Famous Reviews eBook

This eBook from the Gutenberg Project consists of approximately 678 pages of information about Famous Reviews.
substantial or sound.  His writing was far less careful than his oratory.  A man from whom almost everything was expected, and who was always before the eye of the public; he has been described as “the God of Whiggish idolatry,” and as “impossible” in society.  Harriet Martineau is unsparing in her criticism of his manners and language; and evidently he was an inveterate swearer.  His enthusiasm for noble causes was infectious; only, as Coleridge happily expressed it, “because his heart was placed in what should have been his head, you were never sure of him—­you always doubted his sincerity.”

In the Opposition and at the Bar this eloquent energy had full scope, “but as Lord Chancellor his selfish disloyalty offended his colleagues while,” as O’Connell remarked, “If Brougham knew a little of Law, he would know a little of everything.”  Unquestionably his obvious failings obscured his real eminence, and even hinder us, to-day, from doing full justice to his memory.

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It was the following, somewhat heavy-handed, review which inspired the English Bards and Scotch Reviewers, with all its “extraordinary powers of malicious statement”—­truly a Roland for his Oliver.

SYDNEY SMITH (1771-1845)

The third founder of the Edinburgh and one of its most aggressive reviewers, until March, 1827, Sydney Smith has been described as “most provokingly and audaciously personal in his strictures....  He was too complacent, too aboundingly self-satisfied, too buoyantly full of spirits, to hate anybody; but he burlesques them, derides them, and abuses them with the most exasperating effrontery—­in a way that is great fun to the reader, but exquisite torture to the victim.”  At the same time, his wit was always governed by commonsense (its most prevailing distinction); and, though almost unique among humorists for his personal gaiety, “his best work was done in promoting practical ends, and his wit in its airiest gambols never escaped his control.”  There was, in fact, considerable independence—­and even courage—­in his seriously inspired attacks on various abuses, and on every form of affectation and cant.  Though his manners and conversation were not precisely those we generally associate with the Cloth, Sydney Smith published several volumes of sermons, and always accepted the responsibilities of his position as a clergyman with becoming industry.  Croker’s veiled sarcasm in the Quarterly (printed below) was no more bitter, or truthful, than similar utterances on any Whig.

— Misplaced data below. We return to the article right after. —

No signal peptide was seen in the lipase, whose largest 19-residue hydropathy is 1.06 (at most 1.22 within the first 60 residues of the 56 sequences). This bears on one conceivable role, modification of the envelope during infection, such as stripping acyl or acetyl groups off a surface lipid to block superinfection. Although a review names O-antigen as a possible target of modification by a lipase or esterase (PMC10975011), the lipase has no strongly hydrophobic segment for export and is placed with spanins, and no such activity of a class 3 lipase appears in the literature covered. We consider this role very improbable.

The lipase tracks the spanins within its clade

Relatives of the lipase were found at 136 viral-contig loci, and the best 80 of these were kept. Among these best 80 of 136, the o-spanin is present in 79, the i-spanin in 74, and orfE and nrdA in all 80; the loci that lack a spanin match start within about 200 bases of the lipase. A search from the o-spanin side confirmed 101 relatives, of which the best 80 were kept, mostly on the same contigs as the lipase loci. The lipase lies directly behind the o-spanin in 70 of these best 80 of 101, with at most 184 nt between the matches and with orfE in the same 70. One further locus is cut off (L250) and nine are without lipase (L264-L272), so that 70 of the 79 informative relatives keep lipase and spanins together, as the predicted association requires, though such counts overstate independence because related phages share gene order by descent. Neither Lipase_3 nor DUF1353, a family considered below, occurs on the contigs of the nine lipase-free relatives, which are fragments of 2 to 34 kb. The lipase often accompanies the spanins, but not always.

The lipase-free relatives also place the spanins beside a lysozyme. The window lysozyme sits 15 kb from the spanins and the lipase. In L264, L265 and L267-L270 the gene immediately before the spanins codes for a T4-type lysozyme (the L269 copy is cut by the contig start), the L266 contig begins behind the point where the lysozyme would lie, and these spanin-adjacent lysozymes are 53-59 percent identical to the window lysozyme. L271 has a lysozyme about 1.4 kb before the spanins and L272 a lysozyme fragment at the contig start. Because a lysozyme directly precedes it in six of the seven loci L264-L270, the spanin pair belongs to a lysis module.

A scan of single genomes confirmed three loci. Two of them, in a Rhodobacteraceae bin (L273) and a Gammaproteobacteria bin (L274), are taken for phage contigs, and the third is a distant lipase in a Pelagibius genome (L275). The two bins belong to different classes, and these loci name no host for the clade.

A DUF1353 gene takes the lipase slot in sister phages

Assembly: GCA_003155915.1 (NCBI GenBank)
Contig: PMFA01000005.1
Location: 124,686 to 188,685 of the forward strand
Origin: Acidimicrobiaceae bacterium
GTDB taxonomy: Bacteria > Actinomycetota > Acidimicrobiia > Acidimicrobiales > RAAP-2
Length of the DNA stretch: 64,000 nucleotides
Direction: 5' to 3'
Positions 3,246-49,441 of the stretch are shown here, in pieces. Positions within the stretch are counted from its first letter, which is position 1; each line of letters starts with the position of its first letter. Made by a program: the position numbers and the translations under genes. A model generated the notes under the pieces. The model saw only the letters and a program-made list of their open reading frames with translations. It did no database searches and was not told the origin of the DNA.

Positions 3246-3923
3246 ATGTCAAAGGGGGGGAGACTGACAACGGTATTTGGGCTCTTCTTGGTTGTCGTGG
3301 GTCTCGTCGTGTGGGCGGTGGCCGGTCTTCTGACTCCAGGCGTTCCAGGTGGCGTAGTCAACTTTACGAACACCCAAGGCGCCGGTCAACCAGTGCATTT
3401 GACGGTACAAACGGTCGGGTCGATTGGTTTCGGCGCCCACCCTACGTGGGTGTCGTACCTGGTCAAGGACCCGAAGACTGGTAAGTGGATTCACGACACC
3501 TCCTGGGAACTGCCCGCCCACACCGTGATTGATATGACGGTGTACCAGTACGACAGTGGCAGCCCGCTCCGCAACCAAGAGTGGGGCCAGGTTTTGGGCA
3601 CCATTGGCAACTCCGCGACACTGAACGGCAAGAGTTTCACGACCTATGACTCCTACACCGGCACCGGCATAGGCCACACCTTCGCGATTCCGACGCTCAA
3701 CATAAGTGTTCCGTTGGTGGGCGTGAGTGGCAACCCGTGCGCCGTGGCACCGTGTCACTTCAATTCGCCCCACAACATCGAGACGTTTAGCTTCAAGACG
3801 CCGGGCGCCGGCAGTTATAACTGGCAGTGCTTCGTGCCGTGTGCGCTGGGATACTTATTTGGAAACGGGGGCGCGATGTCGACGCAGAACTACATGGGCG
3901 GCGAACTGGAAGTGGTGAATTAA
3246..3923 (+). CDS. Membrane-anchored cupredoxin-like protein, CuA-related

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We know little to-day of—­

  The sacred dramas of Miss Hannah More
  Where Moses and the little muses snore,

but, in her own day, she was flattered in society and a real influence among the serious-minded.  She understood the poor and gave them practical advice.  Sydney Smith, of course, would be in sympathy with her “good works,” but could not resist his joke.

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